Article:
By Will E Sanders
TROY — Three Troy police officers and a Miami County Sheriff’s deputy acted accordingly and committed no wrongdoing in the Dec. 29 fatal shootout with an armed suspect, a Miami County grand jury has ruled.
Miami County Prosecutor Tony Kendell announced the decision of the grand jury Tuesday after filing appropriate legal documents to make the decision known to the public involving the shootout between the authorities and Franklin Jones III, 30, of Troy.
Kendell said the grand jury did not find any faults with how the police officers responded and acted in accordance with their protocol and oath of service.
“Whenever we have a shooting like this my position is to take it to the grand jury to ensure to the people that it is scrutinized to make sure everybody did what they were suppose to do,” Kendell said.
The county prosecutor took the case to the grand jury Friday after an investigator from the Ohio Bureau of Criminal Investigations thoroughly looked into the fatal shooting of Jones.
Jones was shot and killed along Monroe Street by members of law enforcement after he got into a dispute with another Troy man that Jones shot. That victim later recovered from the wounds.
Troy police Sgt. Jeff Kunkleman, Troy police officers Jesse Canan and Jared Cole, and deputy Will Roberts were involved in the shootout. Kunkleman was shot by Jones in the leg, but the police sergeant recovered from the injury.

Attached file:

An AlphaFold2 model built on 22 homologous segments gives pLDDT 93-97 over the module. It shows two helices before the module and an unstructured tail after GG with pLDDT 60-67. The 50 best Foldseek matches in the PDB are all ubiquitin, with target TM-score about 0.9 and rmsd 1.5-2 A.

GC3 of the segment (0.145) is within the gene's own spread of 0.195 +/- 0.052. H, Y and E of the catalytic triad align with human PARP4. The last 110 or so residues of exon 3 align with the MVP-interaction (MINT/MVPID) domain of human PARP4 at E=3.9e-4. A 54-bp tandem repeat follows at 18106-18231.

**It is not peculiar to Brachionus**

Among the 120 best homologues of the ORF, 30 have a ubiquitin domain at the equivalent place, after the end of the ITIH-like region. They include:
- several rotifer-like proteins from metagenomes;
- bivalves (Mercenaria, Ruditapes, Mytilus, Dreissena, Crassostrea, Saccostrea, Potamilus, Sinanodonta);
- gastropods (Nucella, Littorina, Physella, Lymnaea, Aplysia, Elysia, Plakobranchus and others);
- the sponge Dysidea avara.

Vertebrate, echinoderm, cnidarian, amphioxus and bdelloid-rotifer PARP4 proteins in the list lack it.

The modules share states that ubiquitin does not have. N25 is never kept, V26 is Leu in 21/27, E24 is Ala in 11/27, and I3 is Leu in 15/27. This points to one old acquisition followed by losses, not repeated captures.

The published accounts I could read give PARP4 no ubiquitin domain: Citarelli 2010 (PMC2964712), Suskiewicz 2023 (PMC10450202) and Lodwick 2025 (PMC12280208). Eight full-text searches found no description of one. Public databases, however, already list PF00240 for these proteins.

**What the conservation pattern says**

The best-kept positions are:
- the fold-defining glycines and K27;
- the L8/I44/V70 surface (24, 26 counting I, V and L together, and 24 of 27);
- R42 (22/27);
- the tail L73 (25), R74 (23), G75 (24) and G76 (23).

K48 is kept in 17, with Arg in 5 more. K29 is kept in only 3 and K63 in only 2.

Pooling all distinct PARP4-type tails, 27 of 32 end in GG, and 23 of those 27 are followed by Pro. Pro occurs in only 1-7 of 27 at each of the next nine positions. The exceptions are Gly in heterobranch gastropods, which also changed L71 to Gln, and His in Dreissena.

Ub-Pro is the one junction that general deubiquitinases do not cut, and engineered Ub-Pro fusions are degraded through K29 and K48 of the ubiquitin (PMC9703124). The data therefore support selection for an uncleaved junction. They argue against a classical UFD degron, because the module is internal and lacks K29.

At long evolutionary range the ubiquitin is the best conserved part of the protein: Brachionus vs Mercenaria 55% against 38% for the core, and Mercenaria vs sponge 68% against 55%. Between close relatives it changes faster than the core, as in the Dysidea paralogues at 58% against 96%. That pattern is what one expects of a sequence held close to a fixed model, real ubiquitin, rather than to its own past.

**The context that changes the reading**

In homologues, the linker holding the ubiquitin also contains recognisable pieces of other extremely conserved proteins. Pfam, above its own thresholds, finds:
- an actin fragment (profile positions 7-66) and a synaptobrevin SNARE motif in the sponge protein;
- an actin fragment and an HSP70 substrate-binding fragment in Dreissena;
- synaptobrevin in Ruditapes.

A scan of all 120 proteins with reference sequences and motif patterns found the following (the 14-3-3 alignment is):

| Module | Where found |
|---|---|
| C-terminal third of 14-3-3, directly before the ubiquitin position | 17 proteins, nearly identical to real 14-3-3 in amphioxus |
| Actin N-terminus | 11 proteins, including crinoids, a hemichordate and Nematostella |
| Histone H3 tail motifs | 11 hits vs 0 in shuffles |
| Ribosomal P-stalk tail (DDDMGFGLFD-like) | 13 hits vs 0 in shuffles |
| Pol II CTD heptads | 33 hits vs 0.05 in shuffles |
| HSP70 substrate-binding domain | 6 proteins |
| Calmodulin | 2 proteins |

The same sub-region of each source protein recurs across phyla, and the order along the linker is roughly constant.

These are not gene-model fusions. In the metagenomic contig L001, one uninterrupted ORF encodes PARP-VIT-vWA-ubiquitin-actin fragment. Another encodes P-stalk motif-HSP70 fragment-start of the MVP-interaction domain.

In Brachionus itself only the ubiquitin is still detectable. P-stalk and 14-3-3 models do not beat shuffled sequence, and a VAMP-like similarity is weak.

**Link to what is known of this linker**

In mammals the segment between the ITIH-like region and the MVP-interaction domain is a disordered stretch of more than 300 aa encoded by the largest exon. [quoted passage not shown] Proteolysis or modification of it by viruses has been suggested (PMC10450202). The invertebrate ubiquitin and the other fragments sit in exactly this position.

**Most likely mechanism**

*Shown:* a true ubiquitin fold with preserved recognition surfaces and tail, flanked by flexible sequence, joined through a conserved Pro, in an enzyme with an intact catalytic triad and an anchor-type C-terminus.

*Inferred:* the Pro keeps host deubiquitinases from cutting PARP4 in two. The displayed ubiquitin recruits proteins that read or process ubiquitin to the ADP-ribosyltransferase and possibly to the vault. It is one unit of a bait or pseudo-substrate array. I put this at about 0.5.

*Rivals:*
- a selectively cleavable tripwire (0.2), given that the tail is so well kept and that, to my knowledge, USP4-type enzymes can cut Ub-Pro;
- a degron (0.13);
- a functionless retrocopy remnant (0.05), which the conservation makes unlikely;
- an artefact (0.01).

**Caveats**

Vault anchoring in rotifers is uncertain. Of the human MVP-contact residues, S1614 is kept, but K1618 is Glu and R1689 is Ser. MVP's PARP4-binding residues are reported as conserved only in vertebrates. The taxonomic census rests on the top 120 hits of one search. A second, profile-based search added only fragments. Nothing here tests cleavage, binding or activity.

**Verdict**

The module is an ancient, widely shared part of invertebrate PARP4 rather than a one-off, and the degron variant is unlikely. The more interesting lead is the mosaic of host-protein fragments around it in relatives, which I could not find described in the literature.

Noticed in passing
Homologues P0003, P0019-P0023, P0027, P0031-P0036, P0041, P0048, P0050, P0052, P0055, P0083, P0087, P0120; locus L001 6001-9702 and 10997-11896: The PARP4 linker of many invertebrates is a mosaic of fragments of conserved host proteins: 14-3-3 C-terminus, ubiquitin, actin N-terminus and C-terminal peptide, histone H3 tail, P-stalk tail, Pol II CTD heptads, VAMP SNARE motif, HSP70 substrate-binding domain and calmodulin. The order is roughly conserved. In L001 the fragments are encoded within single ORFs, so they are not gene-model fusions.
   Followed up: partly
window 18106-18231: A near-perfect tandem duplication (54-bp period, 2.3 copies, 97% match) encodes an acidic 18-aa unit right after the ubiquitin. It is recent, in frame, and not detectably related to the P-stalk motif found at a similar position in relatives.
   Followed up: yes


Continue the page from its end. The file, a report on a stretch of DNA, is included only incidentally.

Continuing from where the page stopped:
All four members of law enforcement were placed on paid administrative leave while the shooting was investigated, and all four have been cleared to return to work.
The Dec. 29 shooting was the second police-officer involved shooting that resulted in a death in Troy last year. Last August, Al Pickett, 52, of Troy, was fatally shot by Troy police officers in the 500 block of Staunton Commons Drive after the suspect repeatedly stabbed a woman, who survived the attack.
In that shooting, Troy officers Matt Mosier and Zach Mumford were also placed on paid administrative leave while the shooting was investigated. It was later found those officers acted accordingly.
Kendell said it was both “unusual and unfortunate” that the city of Troy had two officer-involved shootings in the span of four months.
“I attribute that mostly to drugs, particularly heroin, that is hitting the streets and hitting them hard,” Kendell said.
Will E Sanders may be reached at 773-2721 or on Twitter @TheDailyCall.